Description 56 - A Bridge For Obama

On the Fourth of July, I show enough audacity of hope to dress in the colours of my old flag (sorta) and walk over a bridge so people can take pictures. With music by The Diableros and the inspirational honking of passing cars.

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Associated links
Another excuse for a Doodlebops link!
Barack Obama (duh)
Blog post about primary voting
Democrats Abroad
VoteFromAbroad.org (and it's Linux!)
The World Wants Obama Coalition
Bridges For Obama pool on flickr
The Diableros @publicbroadcasting.ca (with other links)
The Fringe show from which I got the flyer
CBC story on Corey Glass

An unintentional running theme of this podcast has been people who have moved here from the U.S. and made a difference here in Toronto - Jane Jacobs and Ed Mirvish likely near the top of that list. Another person to add is the woman I spoke to in the second half of this episode.

At the time, all I knew of her was that she came to Canada with her then-husband as he was evading the draft for the Vietnam War, had absolutely no citizenship from anywhere when the U.S. took theirs away without telling anyone, regained it in 1994 (allowing her to move toward getting dual status), recently had a show of her photography in Washington D.C. (an article about it in the Post earned a nasty email from some bigtime military guy), made a movie with her son about Iraq War veterans coming home, and currently teaches at George Brown College here.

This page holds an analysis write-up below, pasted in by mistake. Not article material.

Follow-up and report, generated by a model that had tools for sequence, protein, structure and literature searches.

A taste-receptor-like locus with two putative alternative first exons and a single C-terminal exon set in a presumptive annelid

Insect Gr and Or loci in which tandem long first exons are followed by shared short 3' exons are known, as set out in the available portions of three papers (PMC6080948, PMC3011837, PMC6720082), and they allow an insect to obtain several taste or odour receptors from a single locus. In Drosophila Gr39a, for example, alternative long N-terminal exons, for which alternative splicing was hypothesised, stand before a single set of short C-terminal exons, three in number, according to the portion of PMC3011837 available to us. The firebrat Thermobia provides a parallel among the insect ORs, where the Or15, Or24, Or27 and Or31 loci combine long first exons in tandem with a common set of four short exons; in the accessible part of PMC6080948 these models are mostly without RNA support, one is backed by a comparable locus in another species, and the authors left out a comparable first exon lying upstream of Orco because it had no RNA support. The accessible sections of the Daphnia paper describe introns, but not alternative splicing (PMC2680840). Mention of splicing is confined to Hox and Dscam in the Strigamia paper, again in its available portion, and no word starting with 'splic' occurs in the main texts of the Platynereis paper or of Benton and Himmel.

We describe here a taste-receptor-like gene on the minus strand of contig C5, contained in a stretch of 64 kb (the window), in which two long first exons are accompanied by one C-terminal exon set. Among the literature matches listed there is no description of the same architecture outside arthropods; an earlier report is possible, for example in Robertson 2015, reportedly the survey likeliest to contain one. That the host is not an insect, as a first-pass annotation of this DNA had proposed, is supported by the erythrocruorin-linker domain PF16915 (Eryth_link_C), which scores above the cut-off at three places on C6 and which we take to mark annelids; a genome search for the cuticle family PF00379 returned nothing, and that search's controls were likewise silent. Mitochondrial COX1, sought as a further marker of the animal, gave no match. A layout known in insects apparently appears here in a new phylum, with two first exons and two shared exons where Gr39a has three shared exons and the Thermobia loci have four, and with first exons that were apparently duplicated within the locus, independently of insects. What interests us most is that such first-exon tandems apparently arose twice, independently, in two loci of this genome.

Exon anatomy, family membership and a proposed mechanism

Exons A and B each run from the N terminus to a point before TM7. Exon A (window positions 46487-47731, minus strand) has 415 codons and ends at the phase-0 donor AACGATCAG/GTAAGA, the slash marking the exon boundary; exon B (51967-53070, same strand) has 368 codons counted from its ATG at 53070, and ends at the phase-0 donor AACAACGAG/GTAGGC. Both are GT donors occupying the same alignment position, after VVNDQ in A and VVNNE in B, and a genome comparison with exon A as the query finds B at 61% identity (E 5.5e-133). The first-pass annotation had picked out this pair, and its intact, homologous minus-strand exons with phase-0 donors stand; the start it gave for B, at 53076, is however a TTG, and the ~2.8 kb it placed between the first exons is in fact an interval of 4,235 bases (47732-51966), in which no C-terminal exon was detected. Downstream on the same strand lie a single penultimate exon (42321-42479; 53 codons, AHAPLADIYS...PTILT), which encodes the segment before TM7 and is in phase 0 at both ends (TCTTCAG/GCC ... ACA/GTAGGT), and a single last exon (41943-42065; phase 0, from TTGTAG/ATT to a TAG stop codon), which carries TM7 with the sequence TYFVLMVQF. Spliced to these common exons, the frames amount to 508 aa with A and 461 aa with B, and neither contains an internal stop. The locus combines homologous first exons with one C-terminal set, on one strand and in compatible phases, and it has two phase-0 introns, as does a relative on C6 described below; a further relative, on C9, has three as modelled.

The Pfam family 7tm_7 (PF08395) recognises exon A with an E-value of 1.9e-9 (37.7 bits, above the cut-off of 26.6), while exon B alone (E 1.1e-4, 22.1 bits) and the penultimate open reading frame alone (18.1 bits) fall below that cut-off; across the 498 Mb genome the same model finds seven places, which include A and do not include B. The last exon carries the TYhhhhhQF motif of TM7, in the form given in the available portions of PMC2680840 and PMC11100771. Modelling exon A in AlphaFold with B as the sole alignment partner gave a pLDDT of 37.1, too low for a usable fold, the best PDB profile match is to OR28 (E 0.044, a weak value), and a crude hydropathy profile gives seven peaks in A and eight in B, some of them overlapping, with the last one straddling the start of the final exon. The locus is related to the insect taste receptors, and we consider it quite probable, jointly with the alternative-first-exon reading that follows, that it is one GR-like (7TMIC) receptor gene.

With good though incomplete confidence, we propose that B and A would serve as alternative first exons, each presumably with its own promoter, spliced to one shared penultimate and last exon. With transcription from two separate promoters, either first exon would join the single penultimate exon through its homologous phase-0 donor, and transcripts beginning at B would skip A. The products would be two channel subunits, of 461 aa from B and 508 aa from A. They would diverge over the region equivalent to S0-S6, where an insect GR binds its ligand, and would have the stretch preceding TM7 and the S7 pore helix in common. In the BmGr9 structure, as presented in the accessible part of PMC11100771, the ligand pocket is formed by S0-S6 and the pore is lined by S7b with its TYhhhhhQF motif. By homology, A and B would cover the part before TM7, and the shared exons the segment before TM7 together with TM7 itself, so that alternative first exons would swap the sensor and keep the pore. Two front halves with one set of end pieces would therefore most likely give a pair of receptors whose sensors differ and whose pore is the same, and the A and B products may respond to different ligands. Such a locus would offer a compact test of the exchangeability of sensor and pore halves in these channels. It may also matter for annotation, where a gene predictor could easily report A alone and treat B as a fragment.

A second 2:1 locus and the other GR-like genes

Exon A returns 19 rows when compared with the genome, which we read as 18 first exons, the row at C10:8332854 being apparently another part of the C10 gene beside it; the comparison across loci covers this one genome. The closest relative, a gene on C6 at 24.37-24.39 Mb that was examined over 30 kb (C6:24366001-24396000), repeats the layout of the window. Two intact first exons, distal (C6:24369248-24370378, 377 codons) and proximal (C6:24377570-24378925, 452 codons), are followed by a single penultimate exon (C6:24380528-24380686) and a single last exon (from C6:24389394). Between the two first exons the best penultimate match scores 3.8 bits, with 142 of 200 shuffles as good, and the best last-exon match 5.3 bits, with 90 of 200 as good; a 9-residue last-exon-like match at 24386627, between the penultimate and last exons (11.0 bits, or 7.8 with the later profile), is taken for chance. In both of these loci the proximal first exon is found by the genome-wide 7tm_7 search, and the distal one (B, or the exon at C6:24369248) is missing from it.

That sounds like enough, doesn't it? But with the details, it gets better.

Her name is Laura Jones. Once she moved up here with her husband John Phillips, they owned and managed the The Baldwin Street Gallery of Photography for 13 years. That show in D.C. consisted of her photos from Martin Luther King's "Poor People's Campaign" of 1968, which was about economic inequality among all races. Significant as it was, it's only a part of her ongoing career in photography. The movie, Fayetteville: Forward March Toward Peace, which is about a bit more than those veterans coming home, is available via stream through the NFB's CITIZENShift website.

But there's more. She spent a couple years as a research consultant for the Riverdale Immigrant Women’s Centre, then was a member of Toronto City Council for another couple years. Throughout, she's served in all sorts of capacities on any number of environmental committees and projects, and was awarded the Commemorative Medal for the 125th anniversary of the Confederation of Canada.

Man, good thing I didn't know all that stuff then, or else I'd have barely gotten out a few words to talk to the woman. :-) Most of what we actually talked about was blogging and podcasting: she wants to learn more about it so she can talk about it with her students and maybe use it for some of her other work. So I gave her cursory introductions to the world of Blogger/Live Journal/Wordpress; mentioned Google Video and Vimeo for possible longer-form video; and pointed her sharply toward the Rabble Podcast Network (which of course includes CITIZENShift).

So I have a very strong feeling we have not heard the last of her. And we will be the better for it.

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